I remember thinking the story was one that accomplished a lot given its limited space–that it did what a certain kind of good short story does, which is to tell a story that’s bigger than the sum of its parts. The meaning that the story creates somehow exceeds the number of words in the story. I’m always bowled over by that, when it happens.

That seems to be one of the secrets of art: something beyond technique, a kind of cramming a thousand clowns into a tiny car so the reader can watch them spill out, and marvel at how it was all done. I keep reading, trying to find out, but maybe no one really knows.

Pushcart XLII: Pui Ying Wong, “Language Lesson for One” (poem) from Constellations #6

If I knew French
I would speak its music,
its melancholy.
 
If I knew French
I would ask questions
like how much, where is,
 
be comfortable with words
like money, lost.

I’ve been trying to figure out what gives this poem its tone. From the very first stanza, I had a particular flavor of sad; melancholy, ok, but more specific than that. Is it just that word, melancholy, in there? I don’t think so. I tried substituting other words – tonality, lyricism, variety, joy – and arrived at the same place. Of course, it’s impossible to unring the bell, so maybe once I had it in my head, that was it.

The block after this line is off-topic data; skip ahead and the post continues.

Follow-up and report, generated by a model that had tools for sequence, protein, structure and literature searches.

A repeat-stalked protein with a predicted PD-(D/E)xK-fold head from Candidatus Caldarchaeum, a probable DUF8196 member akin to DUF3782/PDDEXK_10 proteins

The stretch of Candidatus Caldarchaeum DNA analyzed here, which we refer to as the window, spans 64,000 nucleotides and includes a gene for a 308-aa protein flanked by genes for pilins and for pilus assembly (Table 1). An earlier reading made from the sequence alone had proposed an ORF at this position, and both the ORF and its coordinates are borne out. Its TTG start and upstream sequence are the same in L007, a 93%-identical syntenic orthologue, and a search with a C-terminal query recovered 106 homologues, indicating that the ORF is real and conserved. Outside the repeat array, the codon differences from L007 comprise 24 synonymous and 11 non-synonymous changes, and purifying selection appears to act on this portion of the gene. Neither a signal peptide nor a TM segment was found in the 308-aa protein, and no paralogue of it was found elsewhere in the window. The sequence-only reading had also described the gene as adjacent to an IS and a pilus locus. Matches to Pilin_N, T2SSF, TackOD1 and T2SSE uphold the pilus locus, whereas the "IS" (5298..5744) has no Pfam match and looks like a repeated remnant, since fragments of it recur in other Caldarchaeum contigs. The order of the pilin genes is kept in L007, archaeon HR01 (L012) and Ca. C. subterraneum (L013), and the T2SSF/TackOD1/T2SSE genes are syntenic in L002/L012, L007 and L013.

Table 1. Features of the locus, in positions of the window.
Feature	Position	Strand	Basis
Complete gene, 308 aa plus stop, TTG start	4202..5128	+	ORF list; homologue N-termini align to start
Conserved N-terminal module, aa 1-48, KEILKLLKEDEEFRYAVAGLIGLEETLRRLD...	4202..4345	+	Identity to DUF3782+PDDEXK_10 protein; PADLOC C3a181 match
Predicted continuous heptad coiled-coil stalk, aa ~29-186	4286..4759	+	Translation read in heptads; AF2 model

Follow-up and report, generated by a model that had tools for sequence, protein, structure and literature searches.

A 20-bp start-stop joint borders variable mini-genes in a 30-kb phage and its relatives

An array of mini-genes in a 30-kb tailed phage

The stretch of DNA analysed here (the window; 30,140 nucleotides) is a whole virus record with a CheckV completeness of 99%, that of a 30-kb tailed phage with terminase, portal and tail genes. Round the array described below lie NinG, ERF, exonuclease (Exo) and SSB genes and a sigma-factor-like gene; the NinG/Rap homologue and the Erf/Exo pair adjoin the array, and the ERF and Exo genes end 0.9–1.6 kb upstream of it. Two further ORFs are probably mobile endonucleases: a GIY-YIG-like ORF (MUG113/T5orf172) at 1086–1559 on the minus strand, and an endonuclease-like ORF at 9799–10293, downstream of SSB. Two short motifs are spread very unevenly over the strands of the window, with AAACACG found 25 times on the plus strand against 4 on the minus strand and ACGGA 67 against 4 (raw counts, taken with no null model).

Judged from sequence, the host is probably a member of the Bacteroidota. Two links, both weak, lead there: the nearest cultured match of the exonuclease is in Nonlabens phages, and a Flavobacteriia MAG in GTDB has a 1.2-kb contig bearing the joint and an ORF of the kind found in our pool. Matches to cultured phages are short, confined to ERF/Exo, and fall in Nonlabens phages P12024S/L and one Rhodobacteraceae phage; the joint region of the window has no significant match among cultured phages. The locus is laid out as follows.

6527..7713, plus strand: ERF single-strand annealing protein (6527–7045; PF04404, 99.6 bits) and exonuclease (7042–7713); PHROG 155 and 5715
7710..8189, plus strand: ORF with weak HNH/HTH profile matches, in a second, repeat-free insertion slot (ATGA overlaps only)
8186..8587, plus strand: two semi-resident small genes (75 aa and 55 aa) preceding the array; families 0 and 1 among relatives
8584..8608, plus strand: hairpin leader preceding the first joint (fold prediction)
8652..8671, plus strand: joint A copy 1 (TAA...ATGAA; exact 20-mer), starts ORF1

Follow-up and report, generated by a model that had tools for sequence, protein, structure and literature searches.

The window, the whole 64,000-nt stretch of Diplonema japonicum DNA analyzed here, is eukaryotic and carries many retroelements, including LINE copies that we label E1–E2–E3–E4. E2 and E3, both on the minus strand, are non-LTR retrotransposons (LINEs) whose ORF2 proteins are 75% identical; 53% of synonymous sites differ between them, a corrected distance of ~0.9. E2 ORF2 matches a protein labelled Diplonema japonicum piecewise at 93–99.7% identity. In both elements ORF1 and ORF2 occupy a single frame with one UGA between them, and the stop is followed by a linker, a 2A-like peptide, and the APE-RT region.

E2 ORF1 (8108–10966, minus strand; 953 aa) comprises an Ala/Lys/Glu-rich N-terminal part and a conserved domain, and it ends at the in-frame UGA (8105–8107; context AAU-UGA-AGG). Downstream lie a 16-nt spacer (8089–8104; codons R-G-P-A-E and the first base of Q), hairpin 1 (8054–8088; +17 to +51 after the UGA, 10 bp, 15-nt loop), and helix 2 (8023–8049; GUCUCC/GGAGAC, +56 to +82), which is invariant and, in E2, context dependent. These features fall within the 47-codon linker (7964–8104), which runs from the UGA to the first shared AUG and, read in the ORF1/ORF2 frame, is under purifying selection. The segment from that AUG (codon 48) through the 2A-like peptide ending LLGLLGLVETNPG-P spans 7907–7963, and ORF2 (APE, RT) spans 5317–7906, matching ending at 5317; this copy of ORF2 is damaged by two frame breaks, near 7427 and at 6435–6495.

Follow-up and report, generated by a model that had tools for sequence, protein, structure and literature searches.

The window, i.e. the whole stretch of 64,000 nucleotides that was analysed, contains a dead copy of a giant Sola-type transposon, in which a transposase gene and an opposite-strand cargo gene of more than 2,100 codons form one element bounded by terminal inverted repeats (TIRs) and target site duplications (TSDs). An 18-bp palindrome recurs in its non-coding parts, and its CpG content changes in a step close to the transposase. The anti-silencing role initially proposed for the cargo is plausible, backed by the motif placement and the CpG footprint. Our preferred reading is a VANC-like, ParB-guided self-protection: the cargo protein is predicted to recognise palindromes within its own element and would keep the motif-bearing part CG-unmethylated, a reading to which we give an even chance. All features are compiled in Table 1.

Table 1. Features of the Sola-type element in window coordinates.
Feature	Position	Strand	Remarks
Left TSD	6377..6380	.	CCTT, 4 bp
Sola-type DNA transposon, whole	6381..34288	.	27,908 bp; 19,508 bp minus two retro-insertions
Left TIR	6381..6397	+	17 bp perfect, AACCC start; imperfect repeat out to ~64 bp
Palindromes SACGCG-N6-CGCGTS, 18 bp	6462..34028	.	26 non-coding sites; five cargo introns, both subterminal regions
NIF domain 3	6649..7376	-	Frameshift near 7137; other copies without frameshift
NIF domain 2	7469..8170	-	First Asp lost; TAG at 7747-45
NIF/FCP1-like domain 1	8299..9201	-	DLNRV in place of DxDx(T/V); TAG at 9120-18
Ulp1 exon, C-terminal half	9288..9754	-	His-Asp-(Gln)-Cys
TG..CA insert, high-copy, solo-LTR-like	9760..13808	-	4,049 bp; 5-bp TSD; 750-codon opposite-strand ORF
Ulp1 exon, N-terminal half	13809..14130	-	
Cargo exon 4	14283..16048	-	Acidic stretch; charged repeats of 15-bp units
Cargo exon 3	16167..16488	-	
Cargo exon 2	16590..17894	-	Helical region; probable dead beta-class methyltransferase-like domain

But I think it’s more than the suggestion of that one word. It’s also the bareness of the poem, the short lines, simple words. I don’t doubt the power of subtle associations – words like comfortable and lost coming up, the solitariness implied by the title itself – but I think there’s something about the sounds of the words. I’m reminnded of the “absolute rhythm” that came up a few poems ago, of Pound’s insistence on “an absolute rhythm, a rhythm . . . in poetry that corresponds exactly with the emotion or shade of emotion to be expressed.” This poem just might have such a rhythm. I can’t define it, but I can feel it.

And then I had another association: the French composer Erik Satie, whose minimalist anthem Gymnopaedia #1 shows up on soundtracks all over. As a teenaged piano student of absolutely no talent but much determination, I dismissed Satie as being baby music. What’s this, four or five notes per measure? No accidentals, no key or time signature changes? Let’s go back to Mozart or Chopin, real music! It wasn’t until I matured that I came to appreciate how evocative a simple melody line can be. This poem was meant to be read over Satie, while holding the Pound dissertation.